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The Critical Role of Pain

This afternoon the sun is making its slow way towards sunset in Addis Ababa, where in a few hours I’ll be heading home through Frankfurt and Chicago. I had one more full day of rest, time to wash all my stuff to get the smell of African dust and dirt out of my hair, clothing and gear. Well, sort of. The smoke will linger in my sleeping bag and tent, adding to the mingling of scents gathered from all over the world.

Like pain. Like trauma. Like our experiences. They mingle and make us who we are. Who we ultimately can become.

I just read this article by Fearless She Wrote editor Jessica Lovejoy, which brought home one of the great truths that we sometimes stumble into after we’ve had a while to gather our wits about us. Like so many of us, Jessica experienced sexual trauma. I got gang raped at 23, while on active duty, then shortly after that was assaulted while drugged and on a gurney at Walter Reed, then repeatedly raped by the very Army psychiatrist to whom I was assigned for counseling about those rapes.

It happens. It took me more than forty years to pull that sewage out of the basement and air it out. It took me forty years of self-loathing and eating disorders before, finally, I was able to come to some sort of peace with those events. Those men are long dead. At very nearly 67, I’ve been able to live a pretty extraordinary life in spite of those events. And now, in some ways because of them.

Lovejoy’s piece focused on the critical role of permission that you and I give each other by speaking our truth. That fundamental legitimacy — that you and I are not alone, that our feelings are not stupid or foolish, or that we somehow “mis-remembered” which so many people would have us believe if we dare to air the events that carved canoes in our innocence- is the first step to realizing what those events are for. What they can do for us, rather than to us.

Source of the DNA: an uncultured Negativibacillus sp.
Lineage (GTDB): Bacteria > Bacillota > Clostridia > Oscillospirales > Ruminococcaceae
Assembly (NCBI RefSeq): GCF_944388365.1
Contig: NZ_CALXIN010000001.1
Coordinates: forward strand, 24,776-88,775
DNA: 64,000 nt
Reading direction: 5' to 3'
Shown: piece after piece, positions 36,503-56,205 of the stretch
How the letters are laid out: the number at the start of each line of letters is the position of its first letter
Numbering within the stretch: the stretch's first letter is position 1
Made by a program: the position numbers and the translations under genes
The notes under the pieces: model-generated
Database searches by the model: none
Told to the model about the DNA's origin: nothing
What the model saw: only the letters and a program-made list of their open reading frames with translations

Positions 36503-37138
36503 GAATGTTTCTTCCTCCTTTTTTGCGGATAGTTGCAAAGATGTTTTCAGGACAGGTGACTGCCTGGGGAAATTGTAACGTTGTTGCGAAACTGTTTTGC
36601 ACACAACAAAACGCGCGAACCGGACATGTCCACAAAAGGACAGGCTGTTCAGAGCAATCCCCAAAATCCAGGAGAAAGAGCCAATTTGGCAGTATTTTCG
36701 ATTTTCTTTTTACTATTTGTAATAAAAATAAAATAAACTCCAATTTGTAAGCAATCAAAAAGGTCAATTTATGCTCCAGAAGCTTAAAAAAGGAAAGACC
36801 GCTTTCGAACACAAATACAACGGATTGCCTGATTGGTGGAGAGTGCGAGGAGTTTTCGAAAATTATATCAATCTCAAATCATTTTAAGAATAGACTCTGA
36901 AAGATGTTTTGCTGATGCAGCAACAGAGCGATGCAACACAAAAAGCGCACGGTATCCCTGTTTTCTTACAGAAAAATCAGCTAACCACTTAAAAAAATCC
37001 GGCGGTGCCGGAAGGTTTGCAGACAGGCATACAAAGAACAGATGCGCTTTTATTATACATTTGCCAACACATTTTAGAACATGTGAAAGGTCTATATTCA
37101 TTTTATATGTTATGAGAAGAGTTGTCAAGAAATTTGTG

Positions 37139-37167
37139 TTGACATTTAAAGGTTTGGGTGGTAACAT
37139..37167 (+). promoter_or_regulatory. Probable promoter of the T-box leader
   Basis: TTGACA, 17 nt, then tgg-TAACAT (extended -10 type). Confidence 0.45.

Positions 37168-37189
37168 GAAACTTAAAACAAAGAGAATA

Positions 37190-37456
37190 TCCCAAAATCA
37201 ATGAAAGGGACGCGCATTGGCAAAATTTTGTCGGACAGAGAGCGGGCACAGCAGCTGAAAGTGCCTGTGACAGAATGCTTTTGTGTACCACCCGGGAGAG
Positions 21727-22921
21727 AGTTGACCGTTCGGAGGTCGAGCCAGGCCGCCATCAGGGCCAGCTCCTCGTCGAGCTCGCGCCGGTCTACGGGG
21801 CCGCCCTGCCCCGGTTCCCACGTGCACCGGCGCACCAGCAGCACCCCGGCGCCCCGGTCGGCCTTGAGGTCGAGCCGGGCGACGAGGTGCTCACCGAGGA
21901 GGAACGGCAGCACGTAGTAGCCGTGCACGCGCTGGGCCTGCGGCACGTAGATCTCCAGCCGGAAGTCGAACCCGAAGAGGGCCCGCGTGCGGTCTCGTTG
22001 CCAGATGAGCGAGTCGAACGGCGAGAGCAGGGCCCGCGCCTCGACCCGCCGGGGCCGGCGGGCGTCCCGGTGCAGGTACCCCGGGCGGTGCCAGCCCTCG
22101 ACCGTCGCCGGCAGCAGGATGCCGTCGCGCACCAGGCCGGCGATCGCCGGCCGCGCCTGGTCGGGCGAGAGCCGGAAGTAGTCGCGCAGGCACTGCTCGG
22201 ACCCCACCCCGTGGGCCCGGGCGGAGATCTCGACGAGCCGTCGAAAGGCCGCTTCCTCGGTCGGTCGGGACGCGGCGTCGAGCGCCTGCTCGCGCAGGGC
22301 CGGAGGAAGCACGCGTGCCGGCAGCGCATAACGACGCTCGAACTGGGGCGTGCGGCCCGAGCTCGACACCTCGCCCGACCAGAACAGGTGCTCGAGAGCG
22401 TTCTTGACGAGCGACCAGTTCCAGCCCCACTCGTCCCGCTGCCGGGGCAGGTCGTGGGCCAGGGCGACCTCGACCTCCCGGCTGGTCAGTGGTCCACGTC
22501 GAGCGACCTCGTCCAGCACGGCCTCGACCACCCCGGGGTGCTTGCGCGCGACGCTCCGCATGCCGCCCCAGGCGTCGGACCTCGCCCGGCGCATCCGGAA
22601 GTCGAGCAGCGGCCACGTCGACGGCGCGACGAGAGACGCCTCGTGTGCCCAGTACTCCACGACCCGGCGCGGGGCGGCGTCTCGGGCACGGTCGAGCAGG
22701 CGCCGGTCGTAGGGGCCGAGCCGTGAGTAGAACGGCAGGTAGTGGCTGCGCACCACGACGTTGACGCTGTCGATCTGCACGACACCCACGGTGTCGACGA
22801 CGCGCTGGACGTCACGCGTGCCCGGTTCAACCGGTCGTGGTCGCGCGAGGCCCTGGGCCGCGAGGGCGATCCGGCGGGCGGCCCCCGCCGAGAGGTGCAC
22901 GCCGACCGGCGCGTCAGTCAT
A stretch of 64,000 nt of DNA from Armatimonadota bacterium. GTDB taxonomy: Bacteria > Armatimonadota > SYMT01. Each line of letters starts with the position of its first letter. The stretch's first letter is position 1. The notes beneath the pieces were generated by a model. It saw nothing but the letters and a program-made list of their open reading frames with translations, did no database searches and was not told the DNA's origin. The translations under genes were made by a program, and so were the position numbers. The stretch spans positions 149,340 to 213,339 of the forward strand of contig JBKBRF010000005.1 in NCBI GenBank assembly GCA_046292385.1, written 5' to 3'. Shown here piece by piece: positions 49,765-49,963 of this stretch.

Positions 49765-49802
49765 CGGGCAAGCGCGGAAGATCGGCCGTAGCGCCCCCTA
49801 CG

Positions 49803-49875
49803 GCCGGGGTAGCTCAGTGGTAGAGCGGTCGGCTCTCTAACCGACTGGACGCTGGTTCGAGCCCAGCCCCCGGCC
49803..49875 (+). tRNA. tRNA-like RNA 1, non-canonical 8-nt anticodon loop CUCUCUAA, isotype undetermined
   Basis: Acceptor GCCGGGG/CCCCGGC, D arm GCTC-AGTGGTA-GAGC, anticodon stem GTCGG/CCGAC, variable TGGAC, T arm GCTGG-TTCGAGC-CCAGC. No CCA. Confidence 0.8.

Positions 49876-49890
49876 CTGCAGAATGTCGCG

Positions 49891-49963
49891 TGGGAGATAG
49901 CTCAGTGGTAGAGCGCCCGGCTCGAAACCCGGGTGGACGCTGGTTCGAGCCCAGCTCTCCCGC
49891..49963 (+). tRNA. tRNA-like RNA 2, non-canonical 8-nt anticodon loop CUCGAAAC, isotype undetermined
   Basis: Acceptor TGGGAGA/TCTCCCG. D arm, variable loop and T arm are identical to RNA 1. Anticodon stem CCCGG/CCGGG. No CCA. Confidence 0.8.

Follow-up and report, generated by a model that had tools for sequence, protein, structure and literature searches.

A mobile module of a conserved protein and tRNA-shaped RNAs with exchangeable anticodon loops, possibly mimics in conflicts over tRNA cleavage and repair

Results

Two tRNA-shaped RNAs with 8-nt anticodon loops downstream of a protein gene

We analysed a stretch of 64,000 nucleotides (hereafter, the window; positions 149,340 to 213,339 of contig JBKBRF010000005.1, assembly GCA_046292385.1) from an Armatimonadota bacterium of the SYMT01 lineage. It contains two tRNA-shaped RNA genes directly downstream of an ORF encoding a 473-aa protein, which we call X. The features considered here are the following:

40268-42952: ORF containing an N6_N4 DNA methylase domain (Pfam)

They were not, never were and never will be about us. At some level, of course they are. This was after all our body that got violated, our trust, our innocence. But let’s take it another level.

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Photo by Shamim Nakhaei on Unsplash

In the much larger sense, the role that we play in serving each other by telling our story is not just that we offer implicit and explicit permission to others to be validated. In a much higher sense, we cannot possibly offer empathy and compassion to others without having been through this kind of trauma.

You and I understand. We know. It’s seared into us forever.

Such compassion isn’t present among the victim-blamers. Those who struggle so desperately with the idea of an unjust society, or that their husband/son/brother/father/uncle/best friend is capable of evil (yes he is, sorry folks). Denial is far easier than embracing a very uncomfortable truth.

Compassion is present among those of us who have been assaulted. The level of healing that is available to those of us who are able to move past the immediate, awful pain of sexual assault to being able to transform that into Something Else is amazing. But never easy.